Making sure water is always available is one thing, but you’ll also want to know how to tell whether your cat is dehydrated.
Cats are famous for being sneaky and sly, and that certainly applies to whether they've been drinking enough water.
In fact some of the clients of Michelle Moyal, DVM, have told her they've never seen their cats drink water, so, yeah, it can also be pretty hard to tell whether you're caring for a dehydrated cat.
"What's tough is cats are very good at hiding signs of illness until they really don't feel so well," Moyal says.
Thankfully, there are a few things you can do to tell if your cat is needing fluids and Moyal has a couple ideas on how to get them drinking again. Plus, your veterinarian should be able to answer your dehydration questions even more fully. They know your cat best, after all.
To put it simply, dehydration in cats occurs when they aren't taking in enough fluids, namely water. There can be several reasons your get isn't getting enough fluids, but here are some typical causes from Moyal, who's also a lecturer in primary care surgery at Cornell University's College of Veterinary Medicine:
These might not be things you can identify right off the bat, unless it's vomiting and diarrhea. Then you're already aware that your cat is losing plenty of fluids repeatedly.
Because you're looking for subtle signs, you'll need to scoop your kitty up for an at-home physical examination, starting with the gums. If they're sticky or dry, your cat is likely dehydrated.
"They should be nice and slippery, really moist," Moyal says.
They should also be pink in color. A different color—gray or yellow perhaps—doesn't mean your cat is dehydrated, but it could indicate other serious problems. Yellow gums, for example, could mean your cat has jaundice, Moyal says.
Another way to see if your cat is dehydrated is to conduct a skin turgor test to examine the elasticity of your cat's skin. To do that, you gently gather your cat's skin behind the neck and between the shoulders and lift it up. If it falls back down quickly, your cat is probably OK. If it stays lifted up and slowly returns to your cat's back, your buddy might be dehydrated.
However, that might not be true for all cats. Moyal says some leaner and older cats will naturally have less-elastic skin.
A more serious sign of dehydration can be dull corneas or sunken eyes. Cats left without water for too long can, eventually, die just like us humans.
"That is severe. I never want it to get to that point before a patient comes in," Moyal says. "The sooner we can intervene the more of a chance we can have to help them."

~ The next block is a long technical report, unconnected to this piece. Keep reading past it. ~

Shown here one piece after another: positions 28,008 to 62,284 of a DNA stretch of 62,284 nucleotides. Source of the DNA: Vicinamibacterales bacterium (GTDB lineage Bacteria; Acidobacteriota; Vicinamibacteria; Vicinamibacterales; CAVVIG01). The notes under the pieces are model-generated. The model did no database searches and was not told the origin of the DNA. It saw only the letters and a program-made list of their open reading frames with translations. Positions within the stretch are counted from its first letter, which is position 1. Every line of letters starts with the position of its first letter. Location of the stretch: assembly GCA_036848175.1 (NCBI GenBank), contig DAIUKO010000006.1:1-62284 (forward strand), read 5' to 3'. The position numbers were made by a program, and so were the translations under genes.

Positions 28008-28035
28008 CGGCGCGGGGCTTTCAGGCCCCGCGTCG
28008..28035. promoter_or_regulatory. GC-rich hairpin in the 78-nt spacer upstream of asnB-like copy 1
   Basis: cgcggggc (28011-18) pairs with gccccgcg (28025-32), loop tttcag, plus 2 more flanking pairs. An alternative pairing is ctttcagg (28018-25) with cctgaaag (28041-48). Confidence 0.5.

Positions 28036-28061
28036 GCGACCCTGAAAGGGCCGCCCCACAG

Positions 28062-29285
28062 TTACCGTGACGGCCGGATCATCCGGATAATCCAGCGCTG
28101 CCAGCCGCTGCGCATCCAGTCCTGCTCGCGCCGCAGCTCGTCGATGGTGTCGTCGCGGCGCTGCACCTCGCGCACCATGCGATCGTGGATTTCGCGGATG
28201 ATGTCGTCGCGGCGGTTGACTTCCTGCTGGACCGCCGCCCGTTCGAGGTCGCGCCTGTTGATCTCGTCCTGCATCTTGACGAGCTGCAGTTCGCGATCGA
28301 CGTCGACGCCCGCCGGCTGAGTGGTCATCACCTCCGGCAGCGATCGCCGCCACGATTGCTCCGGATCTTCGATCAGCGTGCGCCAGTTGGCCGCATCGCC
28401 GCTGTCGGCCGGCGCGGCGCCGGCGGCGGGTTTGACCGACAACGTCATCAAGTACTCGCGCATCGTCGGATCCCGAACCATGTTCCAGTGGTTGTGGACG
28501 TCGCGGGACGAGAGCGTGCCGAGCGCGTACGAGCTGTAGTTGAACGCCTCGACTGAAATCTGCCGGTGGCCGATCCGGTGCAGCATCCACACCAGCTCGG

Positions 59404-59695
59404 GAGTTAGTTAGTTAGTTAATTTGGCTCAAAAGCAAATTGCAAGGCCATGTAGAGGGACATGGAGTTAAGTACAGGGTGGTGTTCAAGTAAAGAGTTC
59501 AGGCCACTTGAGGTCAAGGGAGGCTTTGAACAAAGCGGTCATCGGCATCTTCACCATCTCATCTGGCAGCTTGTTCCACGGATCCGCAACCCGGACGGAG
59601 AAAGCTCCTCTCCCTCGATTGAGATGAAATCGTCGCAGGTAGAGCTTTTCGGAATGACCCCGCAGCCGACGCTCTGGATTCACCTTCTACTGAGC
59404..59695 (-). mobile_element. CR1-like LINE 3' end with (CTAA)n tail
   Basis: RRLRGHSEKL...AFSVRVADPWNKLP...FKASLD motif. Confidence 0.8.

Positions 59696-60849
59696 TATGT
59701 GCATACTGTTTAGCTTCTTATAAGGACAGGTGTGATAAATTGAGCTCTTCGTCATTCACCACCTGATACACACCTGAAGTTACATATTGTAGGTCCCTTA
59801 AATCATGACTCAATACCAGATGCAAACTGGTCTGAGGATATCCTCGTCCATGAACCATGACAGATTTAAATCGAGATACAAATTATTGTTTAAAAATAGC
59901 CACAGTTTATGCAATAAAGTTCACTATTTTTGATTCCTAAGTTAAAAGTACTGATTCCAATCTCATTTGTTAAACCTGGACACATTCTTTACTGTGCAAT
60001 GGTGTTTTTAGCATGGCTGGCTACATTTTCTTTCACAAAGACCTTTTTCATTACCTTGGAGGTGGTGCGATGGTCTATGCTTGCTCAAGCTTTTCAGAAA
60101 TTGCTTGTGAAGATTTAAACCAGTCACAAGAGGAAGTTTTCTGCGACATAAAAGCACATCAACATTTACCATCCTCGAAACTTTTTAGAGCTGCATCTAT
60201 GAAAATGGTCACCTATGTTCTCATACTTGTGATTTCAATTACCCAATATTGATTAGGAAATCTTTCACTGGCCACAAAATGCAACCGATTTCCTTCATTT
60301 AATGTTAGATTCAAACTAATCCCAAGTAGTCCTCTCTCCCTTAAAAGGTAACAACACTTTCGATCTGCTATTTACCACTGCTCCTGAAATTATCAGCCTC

First thing's first. If you detect or even suspect your cat is dehydrated, your initial task is to visit your veterinarian, who has a wider array of hydration solutions than you do, including intravenous methods.
"If you see any signs of your kitty not feeling well, take them to where they can get a really good assessment of dehydration," Moyal says.
If for whatever reason you can't get to the vet right away, there are some ways you can get your cat some fluids at home. Moyal suggested starting with the water out of a can of tuna. It's not a large amount, and the fishy smell might entice your cat.
You can also offer the cat small amounts of water and food, and even add more water than usual to wet food, almost making it a puree that can help your cat get some fluids.
"My goal is to be very sneaky," Moyal says.
But here's the BUT: If your cat is dehydrated because she's vomiting or having diarrhea, let her rest for a few hours before offering her food and water. Otherwise, you're gonna see that food and water again real soon on your carpet or in the litter box.
Also, it's probably best to avoid giving your cat cures for human dehydration like Pedialyte or sports drinks like Gatorade. Moyal says they can be too sugary and have too much sodium, respectively. Water is your best bet.
The obvious answer is to make sure your cat always has access to clean, fresh water, but don't just leave a bowl out and call it good. Find out what your cat likes. Some cats do fine with a bowl. Others might want the water coming out of a fountain. One of Moyals cats waits by her sink for her to turn on the faucet—the best way to drink the freshest water.
You can also switch to wet food, but Moyal warns: Your cat is likely particular about her food, so who knows if she'll enjoy the change.
Still have questions? Talk with your vet. They'll know what to do.
Photo Source: Beth van Mullem
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